First, the pictures being in colour. During the 1980's and 1990's Gossage didn't seem to get sidetracked by the whole New Colour thing or massive painting sized photographs or such, but continued with his black and white work which continued to be a valid, contemporary and creative way of seeing, of investigation.

The way he has seen and shown us the Berlin of the Wall, or Maghera or the streets and neighbourhoods of several American cities has always seemed absolutely contemporary - yet rarely threatening. They may be a bit grim; they may be beautiful in ways that surprise us, in ways we normally rarely notice; but even the view Gossage gave of the Berlin Wall, while often dark, was very rarely as ominous as these delicately lit suburban views. Yet that's the sense that developed as I looked through these pictures. And that John should chose this particular subject for his first full body of work in colour seemed almost perverse. Surely it's so much easier to convey 'dread', 'oppressive', 'ominous' in black and white? But then, on reflection, I realised what better way to convey such things. What better way to convey what appears at first glance to be an ordinary upper middle class, civil service sort of neighbourhood than in the ordinary, everyday colours of a suburban summer or fall. An ordinary place with ordinary (if rather well appointed) homes yet which contains within it - more than partially veiled or partly hidden - aspects of a global conflict which reach far beyond the suburb or city and with consequences and ramifications still as yet unknown.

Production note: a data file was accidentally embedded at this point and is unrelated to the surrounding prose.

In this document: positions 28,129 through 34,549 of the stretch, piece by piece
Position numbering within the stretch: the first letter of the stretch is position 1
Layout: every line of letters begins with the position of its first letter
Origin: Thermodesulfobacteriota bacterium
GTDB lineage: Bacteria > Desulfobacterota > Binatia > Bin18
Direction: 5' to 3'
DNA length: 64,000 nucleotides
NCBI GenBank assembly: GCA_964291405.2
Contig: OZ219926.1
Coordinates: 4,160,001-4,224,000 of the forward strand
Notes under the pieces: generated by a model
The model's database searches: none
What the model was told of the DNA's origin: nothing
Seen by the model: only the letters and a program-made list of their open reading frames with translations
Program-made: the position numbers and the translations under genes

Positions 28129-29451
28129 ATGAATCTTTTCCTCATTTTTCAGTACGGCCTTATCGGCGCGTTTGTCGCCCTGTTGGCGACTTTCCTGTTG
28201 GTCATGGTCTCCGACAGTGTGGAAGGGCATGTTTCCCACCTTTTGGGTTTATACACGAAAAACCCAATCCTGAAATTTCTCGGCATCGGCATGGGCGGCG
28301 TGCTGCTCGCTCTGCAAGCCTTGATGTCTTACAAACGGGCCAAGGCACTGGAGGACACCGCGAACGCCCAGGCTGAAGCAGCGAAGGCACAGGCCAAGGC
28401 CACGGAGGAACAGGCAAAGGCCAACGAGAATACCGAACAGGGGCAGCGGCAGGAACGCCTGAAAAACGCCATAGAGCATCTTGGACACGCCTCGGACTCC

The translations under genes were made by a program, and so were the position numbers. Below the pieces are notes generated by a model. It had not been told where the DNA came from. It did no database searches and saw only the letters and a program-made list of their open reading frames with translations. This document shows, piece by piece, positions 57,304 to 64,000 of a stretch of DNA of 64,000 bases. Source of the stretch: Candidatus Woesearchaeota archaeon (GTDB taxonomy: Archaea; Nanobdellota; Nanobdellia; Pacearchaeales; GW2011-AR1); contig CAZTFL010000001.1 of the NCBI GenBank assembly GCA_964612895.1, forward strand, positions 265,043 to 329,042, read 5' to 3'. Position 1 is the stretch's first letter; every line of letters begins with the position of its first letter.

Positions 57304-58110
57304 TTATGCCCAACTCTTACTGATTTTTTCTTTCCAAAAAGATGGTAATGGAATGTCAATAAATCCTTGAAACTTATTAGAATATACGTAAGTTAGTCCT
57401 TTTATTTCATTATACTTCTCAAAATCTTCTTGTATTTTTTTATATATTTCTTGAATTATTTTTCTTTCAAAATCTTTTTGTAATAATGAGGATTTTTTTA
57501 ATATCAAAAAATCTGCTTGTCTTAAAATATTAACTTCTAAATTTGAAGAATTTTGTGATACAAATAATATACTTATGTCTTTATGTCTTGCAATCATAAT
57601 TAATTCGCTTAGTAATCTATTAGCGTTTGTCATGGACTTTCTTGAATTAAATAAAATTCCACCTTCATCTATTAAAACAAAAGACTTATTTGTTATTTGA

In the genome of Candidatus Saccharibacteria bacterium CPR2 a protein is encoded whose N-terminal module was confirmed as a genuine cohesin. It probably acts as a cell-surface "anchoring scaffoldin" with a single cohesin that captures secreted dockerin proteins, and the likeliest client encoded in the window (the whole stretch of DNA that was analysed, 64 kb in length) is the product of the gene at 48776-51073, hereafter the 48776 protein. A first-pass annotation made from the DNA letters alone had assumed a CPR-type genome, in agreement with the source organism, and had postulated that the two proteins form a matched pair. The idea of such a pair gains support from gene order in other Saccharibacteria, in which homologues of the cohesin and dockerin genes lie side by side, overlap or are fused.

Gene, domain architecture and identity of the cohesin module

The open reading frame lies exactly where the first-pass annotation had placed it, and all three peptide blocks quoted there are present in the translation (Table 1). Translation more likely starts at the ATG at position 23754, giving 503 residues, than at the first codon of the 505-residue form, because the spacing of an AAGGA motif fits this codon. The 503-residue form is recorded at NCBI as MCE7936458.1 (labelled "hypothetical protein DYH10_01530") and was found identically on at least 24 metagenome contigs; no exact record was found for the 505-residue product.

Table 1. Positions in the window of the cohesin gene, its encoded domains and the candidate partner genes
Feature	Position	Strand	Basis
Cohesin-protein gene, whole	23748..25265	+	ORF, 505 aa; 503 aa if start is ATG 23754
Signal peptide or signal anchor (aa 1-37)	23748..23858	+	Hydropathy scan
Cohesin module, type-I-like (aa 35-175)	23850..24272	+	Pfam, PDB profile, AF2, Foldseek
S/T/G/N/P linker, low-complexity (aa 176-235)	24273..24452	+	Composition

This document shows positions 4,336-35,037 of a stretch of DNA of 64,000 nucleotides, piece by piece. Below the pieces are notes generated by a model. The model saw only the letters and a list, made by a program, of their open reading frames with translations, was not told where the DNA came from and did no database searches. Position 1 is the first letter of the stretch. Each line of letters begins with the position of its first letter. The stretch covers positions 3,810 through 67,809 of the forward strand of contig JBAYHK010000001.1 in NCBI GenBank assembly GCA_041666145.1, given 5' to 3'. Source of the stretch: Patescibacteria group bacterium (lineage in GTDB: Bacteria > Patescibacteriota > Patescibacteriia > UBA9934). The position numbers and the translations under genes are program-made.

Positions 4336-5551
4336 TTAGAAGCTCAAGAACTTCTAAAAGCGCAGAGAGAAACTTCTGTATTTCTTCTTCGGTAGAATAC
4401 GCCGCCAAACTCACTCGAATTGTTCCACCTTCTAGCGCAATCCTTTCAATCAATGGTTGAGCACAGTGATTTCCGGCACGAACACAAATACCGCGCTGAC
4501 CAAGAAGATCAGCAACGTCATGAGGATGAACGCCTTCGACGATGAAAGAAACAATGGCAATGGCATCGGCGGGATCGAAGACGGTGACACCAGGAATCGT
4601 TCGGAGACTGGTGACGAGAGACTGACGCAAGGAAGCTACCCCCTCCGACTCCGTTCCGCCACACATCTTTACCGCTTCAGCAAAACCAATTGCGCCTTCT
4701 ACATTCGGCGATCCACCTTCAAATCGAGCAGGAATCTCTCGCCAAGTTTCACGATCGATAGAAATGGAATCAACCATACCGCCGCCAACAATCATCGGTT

And as for John Gossage in colour - that's just what these pictures are - John Gossage in colour. It's as if he has just taken a step sideways and there he is in the dimension of colour. There are many of his usual touches - a way of seeing that is both unique and familiar - and yet he has also been able to use colour as colour - to let it break out of the dominance of line or form so that the colour itself is allowed to be. He seems very much at ease with being able to "colour outside the lines" as it were. In this way each individual picture can hold its own ground as well as being an integral part of the story being told.

But returning to the unease, after a few pages I also found that the pictures started to feel quite voyeuristic so intimate do they become. Then I read one reviewer who made perfect sense of it when he described Gossage as a spy, working undercover as it were, reporting back to us on this strange yet ordinary place. (Besides which, of course, almost all photography is voyeuristic to one degree or another - usually far more so than most photographers like to admit. Indeed one of the great attractions of photography is that it allows us to be voyeurs, peering over the photographer's shoulder, but from a nice safe distance - in time as well as space).

Rather more briefly on Map of Babylon. These seem a collection of related yet unrelated pictures - "Photographs with qualities, but no real explanation" - pictures taken as Gossage has travelled over the last while. They are fascinating in that they show his experimenting with colour as he goes and - I believe I'm correct - his first real experiments with a digital camera (did that old Texas Leica finally wear out and die I wonder??). It has the intriguing feel of a photographer's sketchbook or workbook.

Overall a very worthwhile book to get hold of (and I don't know large the print runs is in this case, but Gossage's books often go out of print pretty quickly).

There is also a good review and conversation here: The Devil in Kalorama: A Tour of John Gossage’s Neighborhood as Hell

(Oh - and as far as I can tell Babylon was photographed with print film not digital? But I may well be wrong on that.) Well, I was wrong. I just heard from John and all the photographs in the book were taken with a digital camera.

All Photographs - John Gossage